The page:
The Real Diehl: Gold and Another Stock Market Bubble

The Real Diehl is a weekly column by former United States Mint Director Philip N. Diehl, exclusively for CoinWeek ………..

Has tax, monetary, and regulatory policy set in motion another stock market bubble?

Robert Shiller, a Noble prize-winning economist, is among the market analysts and economists whose work I follow and admire. I discovered Shiller several years ago when I was arguing that stocks were becoming over-valued. People who disagreed with me kept pointing to price/earning ratios (the current price of a company’s stock divided by the company’s annual earnings), which at the time were inline with historical averages.

I believed that stock prices were inflated (they’re even higher today, of course), but price/earnings ratios are followed so religiously that I couldn’t make a persuasive case. Then I discovered Shiller’s work.

shillerShiller’s analysis is based on price/long-term earnings (rather than annual earnings). He shows that a year isn’t enough time to determine whether a company’s stock price is too high or too low. This makes perfect sense. Short-term effects, such as the state of the economy, one-time accounting adjustments, and the success or failure of a new product, distort P/E ratios.

Price/long-term earnings [P/(l-t)E] ratios correct for this distortion and, today, warn us that that stock prices are very high. In fact, the only times P/(l-t)E ratios have been this high was leading up to the 1929 crash, just before the dot-com bubble burst in 2000, and on the eve of the 2008 financial crisis.

Multiple economic forces are driving stock prices to these unsustainable heights. The most widely recognized are very low interest rates, low commodity price and labor cost inflation, and increasing efficiency from technological innovation. All of these forces increase corporate profits and stock prices. And they are unlikely to be sustained indefinitely.

But another powerful force, commonly overlooked, is artificially driving higher stock prices: the Federal Reserve’s easy money policies, especially its five and a half years of quantitative easing (QE).

The threat of high inflation is what worries most gold advocates about QE. I don’t worry so much about inflation. For five years, we’ve heard repeated warnings that QE will inevitably spark a sharp rise in inflation but, today, there’s no sign of it. The Fed’s QE policy is unprecedented, so maybe it will lead to higher inflation some years down the road. But inflation is the least of our problems, today.

What worries me is the huge amount of money QE has driven into stocks by driving interest rates so low that investors have rushed into stocks and accepted ever-higher levels of risk in search of higher returns.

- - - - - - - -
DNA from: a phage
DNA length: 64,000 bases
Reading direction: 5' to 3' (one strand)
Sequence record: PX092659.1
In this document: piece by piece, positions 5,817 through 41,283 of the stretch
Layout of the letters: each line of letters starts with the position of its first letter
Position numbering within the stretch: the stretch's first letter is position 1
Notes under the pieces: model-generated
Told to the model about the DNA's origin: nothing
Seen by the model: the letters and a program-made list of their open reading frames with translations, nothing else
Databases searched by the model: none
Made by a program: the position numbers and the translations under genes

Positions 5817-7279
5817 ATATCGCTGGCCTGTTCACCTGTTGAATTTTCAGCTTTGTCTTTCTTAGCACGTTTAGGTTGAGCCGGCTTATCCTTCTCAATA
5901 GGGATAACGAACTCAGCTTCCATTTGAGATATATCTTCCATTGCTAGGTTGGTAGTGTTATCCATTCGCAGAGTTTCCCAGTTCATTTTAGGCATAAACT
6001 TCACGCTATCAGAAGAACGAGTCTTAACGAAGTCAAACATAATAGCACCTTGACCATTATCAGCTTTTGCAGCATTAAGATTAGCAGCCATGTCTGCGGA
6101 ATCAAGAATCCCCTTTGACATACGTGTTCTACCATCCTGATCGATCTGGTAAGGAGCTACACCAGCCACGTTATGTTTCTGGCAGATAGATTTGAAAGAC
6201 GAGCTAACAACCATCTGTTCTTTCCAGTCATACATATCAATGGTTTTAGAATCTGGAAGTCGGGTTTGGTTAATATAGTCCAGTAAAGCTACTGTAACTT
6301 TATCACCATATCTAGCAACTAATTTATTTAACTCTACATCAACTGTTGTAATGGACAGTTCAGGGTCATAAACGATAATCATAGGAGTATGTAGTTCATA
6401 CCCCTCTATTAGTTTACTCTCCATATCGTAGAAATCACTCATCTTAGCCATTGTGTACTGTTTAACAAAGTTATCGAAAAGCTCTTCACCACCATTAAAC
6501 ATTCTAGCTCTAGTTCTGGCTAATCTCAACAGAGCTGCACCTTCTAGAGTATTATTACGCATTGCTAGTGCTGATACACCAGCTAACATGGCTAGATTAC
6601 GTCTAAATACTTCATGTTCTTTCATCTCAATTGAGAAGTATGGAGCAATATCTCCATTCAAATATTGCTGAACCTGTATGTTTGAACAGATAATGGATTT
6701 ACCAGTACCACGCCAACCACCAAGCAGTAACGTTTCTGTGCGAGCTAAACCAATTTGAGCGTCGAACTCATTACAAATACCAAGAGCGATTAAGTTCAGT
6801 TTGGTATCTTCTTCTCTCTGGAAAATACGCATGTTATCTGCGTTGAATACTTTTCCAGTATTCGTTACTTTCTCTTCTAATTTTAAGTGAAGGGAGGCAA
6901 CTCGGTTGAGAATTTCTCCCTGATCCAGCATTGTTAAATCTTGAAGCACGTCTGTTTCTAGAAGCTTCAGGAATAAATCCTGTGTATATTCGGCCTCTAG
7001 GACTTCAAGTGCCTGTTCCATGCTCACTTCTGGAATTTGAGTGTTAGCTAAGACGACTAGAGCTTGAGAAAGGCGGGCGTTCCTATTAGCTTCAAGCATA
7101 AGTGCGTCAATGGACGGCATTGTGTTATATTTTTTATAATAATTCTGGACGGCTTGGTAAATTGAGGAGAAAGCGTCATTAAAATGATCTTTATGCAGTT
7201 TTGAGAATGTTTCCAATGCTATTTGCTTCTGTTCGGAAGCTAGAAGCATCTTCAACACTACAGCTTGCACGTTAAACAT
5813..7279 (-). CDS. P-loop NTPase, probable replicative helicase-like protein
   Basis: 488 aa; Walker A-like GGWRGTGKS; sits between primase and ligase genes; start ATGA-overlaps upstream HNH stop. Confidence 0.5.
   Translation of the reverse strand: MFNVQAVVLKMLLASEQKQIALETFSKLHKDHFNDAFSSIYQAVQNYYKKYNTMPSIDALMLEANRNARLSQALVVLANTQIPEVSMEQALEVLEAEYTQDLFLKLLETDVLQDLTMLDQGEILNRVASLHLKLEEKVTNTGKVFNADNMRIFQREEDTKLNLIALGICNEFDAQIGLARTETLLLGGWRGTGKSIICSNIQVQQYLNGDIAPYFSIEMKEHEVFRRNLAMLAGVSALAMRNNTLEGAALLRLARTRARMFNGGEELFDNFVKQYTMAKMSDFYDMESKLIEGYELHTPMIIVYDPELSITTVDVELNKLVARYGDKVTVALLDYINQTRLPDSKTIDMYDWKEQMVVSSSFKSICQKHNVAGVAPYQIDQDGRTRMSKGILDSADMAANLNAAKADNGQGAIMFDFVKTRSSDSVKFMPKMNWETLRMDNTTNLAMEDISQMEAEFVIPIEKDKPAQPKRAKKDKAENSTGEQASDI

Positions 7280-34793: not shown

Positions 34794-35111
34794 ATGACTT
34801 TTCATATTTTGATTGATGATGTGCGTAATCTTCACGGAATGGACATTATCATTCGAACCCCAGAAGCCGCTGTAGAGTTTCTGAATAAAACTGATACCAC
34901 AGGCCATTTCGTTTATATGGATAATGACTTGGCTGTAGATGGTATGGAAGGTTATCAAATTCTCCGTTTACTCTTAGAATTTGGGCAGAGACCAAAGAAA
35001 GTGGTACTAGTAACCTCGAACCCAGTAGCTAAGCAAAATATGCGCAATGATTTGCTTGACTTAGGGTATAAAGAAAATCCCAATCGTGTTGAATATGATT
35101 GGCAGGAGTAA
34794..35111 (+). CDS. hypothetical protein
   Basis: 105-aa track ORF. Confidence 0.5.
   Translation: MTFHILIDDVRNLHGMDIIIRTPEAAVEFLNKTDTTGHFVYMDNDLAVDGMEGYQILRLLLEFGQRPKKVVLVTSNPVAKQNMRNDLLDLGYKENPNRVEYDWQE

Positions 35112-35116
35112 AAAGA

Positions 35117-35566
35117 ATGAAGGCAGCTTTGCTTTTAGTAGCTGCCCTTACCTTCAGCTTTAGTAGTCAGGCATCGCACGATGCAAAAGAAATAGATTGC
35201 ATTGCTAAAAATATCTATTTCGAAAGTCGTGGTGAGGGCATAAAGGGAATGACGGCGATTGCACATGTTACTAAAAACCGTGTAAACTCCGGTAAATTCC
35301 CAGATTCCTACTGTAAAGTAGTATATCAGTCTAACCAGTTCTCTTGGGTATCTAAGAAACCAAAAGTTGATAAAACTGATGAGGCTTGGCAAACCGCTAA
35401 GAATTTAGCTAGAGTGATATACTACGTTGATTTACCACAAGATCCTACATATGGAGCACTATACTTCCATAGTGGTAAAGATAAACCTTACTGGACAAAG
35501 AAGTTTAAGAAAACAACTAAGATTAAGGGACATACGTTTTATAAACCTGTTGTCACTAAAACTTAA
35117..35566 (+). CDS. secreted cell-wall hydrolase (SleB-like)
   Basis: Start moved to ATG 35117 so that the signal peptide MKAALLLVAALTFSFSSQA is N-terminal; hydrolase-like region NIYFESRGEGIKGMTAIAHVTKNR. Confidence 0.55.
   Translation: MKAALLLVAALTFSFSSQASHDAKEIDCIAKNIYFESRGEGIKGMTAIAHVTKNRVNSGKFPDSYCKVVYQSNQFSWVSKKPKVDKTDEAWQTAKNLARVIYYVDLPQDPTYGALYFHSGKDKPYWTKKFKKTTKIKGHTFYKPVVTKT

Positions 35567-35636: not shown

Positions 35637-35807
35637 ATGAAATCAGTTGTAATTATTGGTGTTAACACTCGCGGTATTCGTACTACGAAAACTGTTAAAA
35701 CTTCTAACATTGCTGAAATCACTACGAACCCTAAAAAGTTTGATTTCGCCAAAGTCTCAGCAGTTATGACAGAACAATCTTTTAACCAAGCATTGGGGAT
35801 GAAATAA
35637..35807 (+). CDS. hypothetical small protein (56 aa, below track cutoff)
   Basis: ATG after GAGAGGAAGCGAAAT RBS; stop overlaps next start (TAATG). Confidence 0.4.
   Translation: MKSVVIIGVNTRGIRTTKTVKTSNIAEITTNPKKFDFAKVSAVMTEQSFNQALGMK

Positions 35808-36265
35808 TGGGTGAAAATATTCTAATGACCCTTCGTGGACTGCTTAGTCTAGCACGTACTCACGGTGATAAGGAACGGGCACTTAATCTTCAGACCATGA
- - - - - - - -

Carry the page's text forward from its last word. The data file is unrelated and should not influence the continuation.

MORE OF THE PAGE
keysMoreover, rapidly rising after-tax incomes of investors, higher returns to institutional investors, and increasing leverage have added to the storm surge of money into stock markets. Lower capital gains taxes have added tidal flows to the market. The gutting of financial market regulation over the past 20 years and the failure to hold anyone accountable for rampant abuses in the financial sector have eroded the flood walls that protected us for 70 years.

At the risk of torturing the metaphor, we have allowed Wall Street, and the rest of us as collateral damage, to become vulnerable to a financial Hurricane Sandy.

As I’ve written previously, gold, as wealth insurance, protects you in hard times by offsetting losses elsewhere in your portfolio. Gold has consistently outperformed other asset classes in the seven periods of significant economic or political turmoil of the past 25 years, most dramatically in the 2008-2009 financial crisis. I believe we are creating conditions that will lead to an economic crisis more severe than the Great Recession of 2008-2009. Of course, the Great Recession was the worst economic crisis since the Great Depression.



diehlphoto The Real Diehl: The Inside Story of the Sacagawea Dollar, Part IIPhilip N. Diehl was the 35th Director of the United States Mint and a former chief of staff of the U.S. Treasury. He has written about gold markets for The Wall Street Journal and Institutional Investor and currently serves on the boards of the Industry Council for Tangible Assets, the Coalition for Equitable Regulation and Taxation, and the Gold and Silver PAC. He was recently named president of U.S. Money Reserve.  Be sure to check out Philip’s blog.


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